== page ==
Research labs are home to mice of all sizes and shapes and genes. There's your common and ordinary dark-coated Black-6, one of the most intensely scrutinized animals on the planet. And then there are...well, see for yourself:
Baldness is only the most obvious thing strange about this mouse. The same mutation that make it hairless also severely weakens its immune system, so that it no longer rejects grafts of foreign tissue, even from a different species. And if you're a cancer researcher, the foreign tissue of interest is human tumors. Implanting human cancer cells under the skin of immunodeficient mice and testing candidate drugs is a standard technique in research. If the tumor shrinks, then ring-ding-ding, you've got a potential cancer drug. In the past couple of decades, researchers have leveled up to hairless mice with more fully defunct immune systems, having not one but three nonfunctional immune genes.
Let's begin with what this is not. This is not a human ear growing on a mouse. This is a piece of cow cartilage that just so happens—okay fine, it was on purpose—to be in the shape of a human ear.
Those of lucky enough to have two intact ears have probably never thought about how oddly shaped ear cartilage is. But for doctors, that means that trying to growing cartilage in the right shape for ear reconstruction is difficult. Dr. Charles Vacanti in 1997 created a biodegradable scaffold seeded with cow cartilage cells. Implanted in a nude mouse, the animal's blood vessels nourished the cartilage cells until they grew to replace the simultaneously dissolving scaffold. This piece of cartilage was never implanted in a human—cow cartilage, after all, would be rejected by a normal immune system—but Dr. Vacanti used a similar technique to grow the chest plate of a 16-year-old boy born without cartilage on his left side.
Not (entirely) hairless mouse
Sometimes scientists use bald mice for tissue grafts, and sometimes scientists use them just because they're bald. This little tuft of hair here could someday be the salve of balding men. Earlier this year, Japanese researchers reported successfully growing hair by implanting human or mouse stem cells into the skin of nude mice. The hair follicles even connected to nerves and muscle, so these albeit wispy-looking hairs could stand on their ends, just like when you get goose bumps.
Mouse with human sphincter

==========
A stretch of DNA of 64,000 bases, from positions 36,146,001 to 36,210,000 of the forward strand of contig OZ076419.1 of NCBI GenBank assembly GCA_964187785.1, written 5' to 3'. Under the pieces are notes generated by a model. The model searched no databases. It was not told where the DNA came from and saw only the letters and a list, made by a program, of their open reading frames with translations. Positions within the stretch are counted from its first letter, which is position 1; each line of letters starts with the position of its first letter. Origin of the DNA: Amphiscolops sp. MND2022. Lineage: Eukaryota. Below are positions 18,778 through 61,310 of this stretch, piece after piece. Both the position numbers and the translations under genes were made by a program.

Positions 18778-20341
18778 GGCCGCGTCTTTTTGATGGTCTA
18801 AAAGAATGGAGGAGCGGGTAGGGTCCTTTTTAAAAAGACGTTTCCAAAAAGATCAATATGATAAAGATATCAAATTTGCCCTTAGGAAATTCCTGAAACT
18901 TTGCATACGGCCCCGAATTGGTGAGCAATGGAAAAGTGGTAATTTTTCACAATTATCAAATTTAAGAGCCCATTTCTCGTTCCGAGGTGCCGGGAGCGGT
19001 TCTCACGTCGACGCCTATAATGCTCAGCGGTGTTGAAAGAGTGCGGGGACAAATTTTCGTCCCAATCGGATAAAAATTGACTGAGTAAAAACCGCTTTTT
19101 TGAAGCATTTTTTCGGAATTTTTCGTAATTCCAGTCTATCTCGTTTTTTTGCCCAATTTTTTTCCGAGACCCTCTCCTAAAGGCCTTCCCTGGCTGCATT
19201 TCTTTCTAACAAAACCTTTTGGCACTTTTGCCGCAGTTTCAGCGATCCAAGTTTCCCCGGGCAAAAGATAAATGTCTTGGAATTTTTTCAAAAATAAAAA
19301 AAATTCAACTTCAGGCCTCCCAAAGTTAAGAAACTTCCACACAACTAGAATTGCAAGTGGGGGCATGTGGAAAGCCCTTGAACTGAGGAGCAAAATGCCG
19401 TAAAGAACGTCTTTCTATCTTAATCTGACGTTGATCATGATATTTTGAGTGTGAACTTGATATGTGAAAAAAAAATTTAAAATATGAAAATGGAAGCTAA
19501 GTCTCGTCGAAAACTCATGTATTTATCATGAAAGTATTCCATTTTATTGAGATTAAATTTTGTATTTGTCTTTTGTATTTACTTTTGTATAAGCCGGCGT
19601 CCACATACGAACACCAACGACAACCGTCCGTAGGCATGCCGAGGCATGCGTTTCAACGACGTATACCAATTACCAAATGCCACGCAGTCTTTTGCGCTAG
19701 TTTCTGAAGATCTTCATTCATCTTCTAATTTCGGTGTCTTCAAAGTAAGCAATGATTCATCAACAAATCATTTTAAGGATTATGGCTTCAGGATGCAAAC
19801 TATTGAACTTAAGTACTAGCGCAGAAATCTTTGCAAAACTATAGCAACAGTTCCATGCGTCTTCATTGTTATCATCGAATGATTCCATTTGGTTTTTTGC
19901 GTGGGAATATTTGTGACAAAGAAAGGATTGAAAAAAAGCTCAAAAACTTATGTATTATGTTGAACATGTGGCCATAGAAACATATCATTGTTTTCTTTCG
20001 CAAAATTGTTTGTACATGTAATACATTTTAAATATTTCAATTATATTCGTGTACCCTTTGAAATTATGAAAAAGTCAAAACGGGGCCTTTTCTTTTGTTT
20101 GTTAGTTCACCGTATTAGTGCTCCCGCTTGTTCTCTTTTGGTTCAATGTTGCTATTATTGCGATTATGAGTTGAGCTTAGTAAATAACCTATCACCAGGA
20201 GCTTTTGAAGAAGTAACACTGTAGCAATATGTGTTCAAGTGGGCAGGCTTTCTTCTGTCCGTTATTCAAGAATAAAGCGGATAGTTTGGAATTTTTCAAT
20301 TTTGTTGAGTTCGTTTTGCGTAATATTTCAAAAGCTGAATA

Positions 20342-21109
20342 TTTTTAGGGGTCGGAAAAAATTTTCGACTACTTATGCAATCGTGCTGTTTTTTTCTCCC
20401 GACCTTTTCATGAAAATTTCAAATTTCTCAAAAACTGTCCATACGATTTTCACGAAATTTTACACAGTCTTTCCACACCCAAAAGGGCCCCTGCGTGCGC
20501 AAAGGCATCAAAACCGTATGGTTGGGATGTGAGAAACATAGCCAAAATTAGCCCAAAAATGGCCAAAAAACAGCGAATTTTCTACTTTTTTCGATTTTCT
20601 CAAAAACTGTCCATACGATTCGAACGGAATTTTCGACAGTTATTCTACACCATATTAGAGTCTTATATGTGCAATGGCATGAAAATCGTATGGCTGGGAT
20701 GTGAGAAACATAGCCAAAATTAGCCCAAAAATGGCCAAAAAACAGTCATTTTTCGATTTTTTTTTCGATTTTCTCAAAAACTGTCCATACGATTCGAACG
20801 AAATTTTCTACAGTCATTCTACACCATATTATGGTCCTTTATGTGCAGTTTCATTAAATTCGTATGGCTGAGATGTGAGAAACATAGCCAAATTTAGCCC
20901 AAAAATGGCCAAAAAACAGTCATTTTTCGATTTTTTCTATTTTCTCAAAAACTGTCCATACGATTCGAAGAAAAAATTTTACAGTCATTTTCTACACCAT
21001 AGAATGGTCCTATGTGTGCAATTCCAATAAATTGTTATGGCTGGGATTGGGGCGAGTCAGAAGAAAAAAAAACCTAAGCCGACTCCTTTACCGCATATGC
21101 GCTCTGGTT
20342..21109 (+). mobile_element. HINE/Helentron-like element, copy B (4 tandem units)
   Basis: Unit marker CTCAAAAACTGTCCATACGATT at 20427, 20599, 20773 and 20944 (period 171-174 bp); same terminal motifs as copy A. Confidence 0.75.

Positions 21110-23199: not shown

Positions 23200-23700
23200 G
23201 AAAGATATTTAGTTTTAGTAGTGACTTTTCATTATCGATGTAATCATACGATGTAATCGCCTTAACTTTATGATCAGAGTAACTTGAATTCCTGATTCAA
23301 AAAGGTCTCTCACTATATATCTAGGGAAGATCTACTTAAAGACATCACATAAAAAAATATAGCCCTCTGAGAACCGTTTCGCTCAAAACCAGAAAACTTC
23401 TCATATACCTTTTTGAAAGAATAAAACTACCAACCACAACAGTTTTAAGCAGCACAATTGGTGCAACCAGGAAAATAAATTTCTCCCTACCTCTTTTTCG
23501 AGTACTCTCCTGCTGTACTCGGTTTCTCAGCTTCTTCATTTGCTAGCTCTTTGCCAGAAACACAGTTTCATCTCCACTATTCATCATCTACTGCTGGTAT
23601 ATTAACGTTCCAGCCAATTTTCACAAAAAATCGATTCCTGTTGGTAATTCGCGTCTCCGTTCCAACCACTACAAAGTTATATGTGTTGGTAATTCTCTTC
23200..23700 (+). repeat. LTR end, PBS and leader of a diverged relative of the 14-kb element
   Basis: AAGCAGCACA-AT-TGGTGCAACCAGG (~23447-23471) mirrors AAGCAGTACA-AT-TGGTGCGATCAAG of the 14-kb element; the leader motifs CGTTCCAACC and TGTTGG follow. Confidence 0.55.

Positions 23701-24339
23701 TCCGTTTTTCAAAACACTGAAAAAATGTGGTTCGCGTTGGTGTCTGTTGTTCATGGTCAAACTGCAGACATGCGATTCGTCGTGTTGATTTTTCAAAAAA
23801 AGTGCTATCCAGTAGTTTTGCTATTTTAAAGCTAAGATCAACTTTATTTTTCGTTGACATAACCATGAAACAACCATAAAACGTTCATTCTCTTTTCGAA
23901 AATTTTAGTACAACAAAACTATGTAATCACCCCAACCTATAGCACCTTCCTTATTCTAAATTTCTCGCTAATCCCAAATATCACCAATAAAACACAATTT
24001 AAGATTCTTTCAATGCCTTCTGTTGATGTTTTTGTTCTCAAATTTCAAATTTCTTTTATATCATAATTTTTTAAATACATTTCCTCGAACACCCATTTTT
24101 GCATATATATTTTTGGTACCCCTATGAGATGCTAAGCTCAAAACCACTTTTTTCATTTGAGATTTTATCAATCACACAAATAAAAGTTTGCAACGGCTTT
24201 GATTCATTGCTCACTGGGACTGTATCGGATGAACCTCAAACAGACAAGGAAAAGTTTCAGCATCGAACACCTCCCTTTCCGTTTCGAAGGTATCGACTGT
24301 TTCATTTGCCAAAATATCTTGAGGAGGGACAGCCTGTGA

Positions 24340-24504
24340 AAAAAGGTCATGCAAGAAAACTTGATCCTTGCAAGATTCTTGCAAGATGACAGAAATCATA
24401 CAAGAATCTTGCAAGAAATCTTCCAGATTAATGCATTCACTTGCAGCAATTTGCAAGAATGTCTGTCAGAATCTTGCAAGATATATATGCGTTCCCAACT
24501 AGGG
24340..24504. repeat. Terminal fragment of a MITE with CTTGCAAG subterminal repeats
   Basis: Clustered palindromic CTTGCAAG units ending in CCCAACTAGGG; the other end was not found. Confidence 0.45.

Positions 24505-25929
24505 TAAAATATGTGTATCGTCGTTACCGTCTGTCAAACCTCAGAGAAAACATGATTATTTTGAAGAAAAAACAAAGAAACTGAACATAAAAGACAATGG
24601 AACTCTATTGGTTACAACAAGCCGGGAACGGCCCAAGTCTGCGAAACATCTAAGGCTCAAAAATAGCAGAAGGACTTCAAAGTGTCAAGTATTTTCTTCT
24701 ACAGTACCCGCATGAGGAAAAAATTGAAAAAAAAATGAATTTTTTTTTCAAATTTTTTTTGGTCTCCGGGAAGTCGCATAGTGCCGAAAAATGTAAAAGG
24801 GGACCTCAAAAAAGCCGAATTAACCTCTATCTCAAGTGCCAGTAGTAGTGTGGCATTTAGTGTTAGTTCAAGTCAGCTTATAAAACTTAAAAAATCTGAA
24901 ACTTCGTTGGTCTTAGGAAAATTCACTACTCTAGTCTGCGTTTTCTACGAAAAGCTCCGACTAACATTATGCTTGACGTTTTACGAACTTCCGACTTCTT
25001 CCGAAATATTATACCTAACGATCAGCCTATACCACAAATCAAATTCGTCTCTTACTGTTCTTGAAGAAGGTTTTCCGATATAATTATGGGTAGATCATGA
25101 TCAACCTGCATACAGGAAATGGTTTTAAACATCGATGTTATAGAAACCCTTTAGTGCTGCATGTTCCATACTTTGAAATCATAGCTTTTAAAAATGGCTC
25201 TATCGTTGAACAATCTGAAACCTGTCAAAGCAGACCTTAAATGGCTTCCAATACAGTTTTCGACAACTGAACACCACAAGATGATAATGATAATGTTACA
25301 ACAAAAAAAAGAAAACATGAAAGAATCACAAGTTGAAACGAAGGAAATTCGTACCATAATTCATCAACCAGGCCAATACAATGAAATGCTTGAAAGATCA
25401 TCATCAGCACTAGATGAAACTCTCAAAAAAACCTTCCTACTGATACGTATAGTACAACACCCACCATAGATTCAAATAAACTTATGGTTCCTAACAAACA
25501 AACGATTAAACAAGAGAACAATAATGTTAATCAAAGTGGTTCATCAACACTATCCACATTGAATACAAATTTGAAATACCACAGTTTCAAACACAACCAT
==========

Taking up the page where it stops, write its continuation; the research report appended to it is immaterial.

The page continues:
How shall we put it? This is a mouse with the asshole of a human. Missing an ear or some hair is inconvenient, but missing a functional anal sphincter, as can happen due to injuries during childbirth, makes life actually difficult. These lab-built sphincters are made of human muscle cells and mouse nerves. Implanting the petri dish-grown sphincter under the skin of mice proved it could link up to blood vessels and nerves of the animal. Now, it didn't actually replace the mouse's own anal sphincter, but that experiment is in progress.
Morbidly obese mouse
In the summer of 1949, some very normal-looking mice were born into The Jackson Laboratory in Maine. As time passed however—21 days in photo A, 10 months in photo B—these mice showed a voracious appetite, eating and eating until they ballooned into small fur pillows with tails. With fat cells both abnormally large and numerous, the mice weighed as much as three of their lean counterparts.
These were the first ob/ob mice, so named because they have two defunct copies of the ob gene. This strain has become widely used in obesity and diabetes research, and The Jackson Laboratory is now one of the largest mouse breeding facilities in the US, providing research labs with milions of mice like this.
Real life Frankenstein—conjoining an obese mouse with a normal mouse
Figuring out how the ob gene actually worked took decades and a Frankenstein-like technique called parabiosis. Think conjoined twins, except the two "twins" aren't related. Parabiosis requires making a shoulder-to-hip incision down the sides of two mice and delicately sewing them together. Once the wound healed, the conjoined mice share one the same blood.
In one the most famous parabiosis experiments, Douglas Coleman conjoined an obese ob/ob mouse with a normal one. Becoming attached to a normal mouse "fixed" some of the health problems in ob/ob, making it eat less, have lower blood sugar, and lose weight. This and other parabiosis experiments with diabetic mutants led Coleman to conclude that ob/ob mice lacked in their blood a "satiety factor," or some hormone that let them know when they were hungry. That's why sharing blood with a normal mouse helped.
In 1994, 45 years after ob/ob was first discovered, scientists finally pinpointed the exact gene that made the mice obese. Indeed, the gene made a hormone called leptin that regulates appetite and metabolism. As in mice, problems with leptin can cause obesity in humans.
A tumor for every follicle
While the leptin gene find took years and years to find in the 90s, geneticists today have sophisticated techniques that easily target single genes. Knockout mice lacking a specific gene and transgenic mice engineered to have additional genes are workhorses of the modern lab.
This transgenic K5ras mouse (pdf) is one example. Aside from studying implanted tumors in nude mice, cancer researchers also work with genetic models, and overexpression of the ras gene makes mice especially prone to cancer. The prefix K5 refers to a genetic tag that means ras only gets overexpressed in the skin of this mouse. And overexpressed it is. In this barely recognizable muzzle of mouse, there's a tumor in every follicle. About 20 percent of all tumors have mutations that make ras overactive, so it's a key cancer gene.